The regulatory sports betting framework created by Ohio lawmakers has been praised by PlayOhio, which tracks the state’s regulated online gaming and sports betting market, as it could offer one of the US’ best sports betting markets “free from any significant flaws or limitations that could stifle Ohio’s industry.”
The Ohio law authorizes both retail and state-wide online betting on all professional and collegiate sports, plus esports and the Olympics.
It also allows professional sports teams and gaming facilities preferential consideration for licensure, as well as permits lottery retailers to host sports betting kiosks with limited offerings. The law also has a tax rate of 10% of adjusted revenue.
The Ohio Casino Commission is hoping to launch sports betting on January 1, 2023, giving lawmakers time to fine-tune the law from efforts that began in 2018.
Eric Ramsey, a data analyst who co-authored the PlayOhio.com market analysis, commented: “The state took its time in legalizing sports betting and then took a collaborative approach with existing casino stakeholders, local pro sports franchises, and the lottery program. The result is a structure that is the new standard in the US.”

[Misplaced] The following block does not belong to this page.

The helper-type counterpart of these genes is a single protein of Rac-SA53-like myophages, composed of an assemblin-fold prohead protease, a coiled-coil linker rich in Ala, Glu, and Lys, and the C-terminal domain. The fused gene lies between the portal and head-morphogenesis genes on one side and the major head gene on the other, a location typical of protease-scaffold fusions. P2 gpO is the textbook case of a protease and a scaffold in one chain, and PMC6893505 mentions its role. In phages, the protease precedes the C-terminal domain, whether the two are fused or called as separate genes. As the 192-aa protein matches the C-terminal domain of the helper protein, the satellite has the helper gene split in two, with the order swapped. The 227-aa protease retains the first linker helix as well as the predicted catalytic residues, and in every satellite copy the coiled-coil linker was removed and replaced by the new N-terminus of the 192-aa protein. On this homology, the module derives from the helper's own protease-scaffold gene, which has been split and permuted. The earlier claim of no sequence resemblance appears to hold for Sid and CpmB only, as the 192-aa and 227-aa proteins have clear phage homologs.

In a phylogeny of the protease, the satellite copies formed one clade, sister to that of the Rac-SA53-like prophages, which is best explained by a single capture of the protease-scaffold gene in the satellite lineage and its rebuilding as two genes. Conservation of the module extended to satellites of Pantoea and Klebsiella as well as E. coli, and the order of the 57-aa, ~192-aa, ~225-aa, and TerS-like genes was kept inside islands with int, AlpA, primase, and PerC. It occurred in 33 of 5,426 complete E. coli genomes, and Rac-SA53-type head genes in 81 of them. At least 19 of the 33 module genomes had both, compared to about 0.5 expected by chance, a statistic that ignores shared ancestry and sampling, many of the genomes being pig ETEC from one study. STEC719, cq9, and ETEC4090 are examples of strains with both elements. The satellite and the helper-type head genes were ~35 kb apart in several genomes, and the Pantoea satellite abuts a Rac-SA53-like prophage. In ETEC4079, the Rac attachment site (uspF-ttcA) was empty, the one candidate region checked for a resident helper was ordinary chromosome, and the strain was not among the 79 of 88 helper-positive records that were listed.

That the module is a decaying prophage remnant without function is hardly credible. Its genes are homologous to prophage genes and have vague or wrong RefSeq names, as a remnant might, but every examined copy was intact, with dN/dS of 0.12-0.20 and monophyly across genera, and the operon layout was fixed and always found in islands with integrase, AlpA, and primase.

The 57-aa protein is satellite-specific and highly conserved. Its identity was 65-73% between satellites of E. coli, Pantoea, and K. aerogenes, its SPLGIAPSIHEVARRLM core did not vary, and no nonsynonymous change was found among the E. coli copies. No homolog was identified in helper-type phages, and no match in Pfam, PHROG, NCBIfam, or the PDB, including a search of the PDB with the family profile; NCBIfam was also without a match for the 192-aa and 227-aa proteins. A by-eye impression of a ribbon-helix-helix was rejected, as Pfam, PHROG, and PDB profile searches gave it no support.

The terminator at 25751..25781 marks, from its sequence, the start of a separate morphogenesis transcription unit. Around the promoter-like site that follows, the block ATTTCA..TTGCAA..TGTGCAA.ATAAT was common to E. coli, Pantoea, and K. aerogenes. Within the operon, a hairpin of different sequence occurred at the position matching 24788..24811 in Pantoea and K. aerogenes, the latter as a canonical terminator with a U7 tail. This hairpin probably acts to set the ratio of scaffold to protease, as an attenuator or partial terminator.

PlayOhio predicts that the Buckeye State’s operators will produce a $9bn to $12bn handle annually by the market’s third year, with $700m to $900m in gross revenue each year, yielding $70m to $90m in taxes for the state annually due to the 10% tax rate.
“This framework provides a firm foundation for operators to build what should be one of the nation’s largest, most dynamic sports betting markets,” Ramsey added.
“The state’s sports landscape and the affinity for land-based gambling among its residents and visitors additionally bode well for the future of sports betting in Ohio. Ohio appears poised to emerge as the second- or third-largest sports betting market in the country, clearly behind New York, but perhaps rivaling Nevada, New Jersey, and Illinois for No. 2.”
PlayOhio adds that the Buckeye State has created a ‘best-in-class’ policy with a ‘competitive online environment’ that encourages the state’s existing land-based casinos to participate. There are also minimal restrictions on wager types and no meaningful limitations on college sports betting.
Ramsey concluded: “The law strikes a pragmatic balance between rewarding the state’s existing stakeholders – the casinos, racinos, and lottery – and incentivizing participation from the largest national sports betting brands.
“Every major operator in the country will seek licensure in Ohio, fostering the sort of competition that is essential to generating wagers in significant volume.”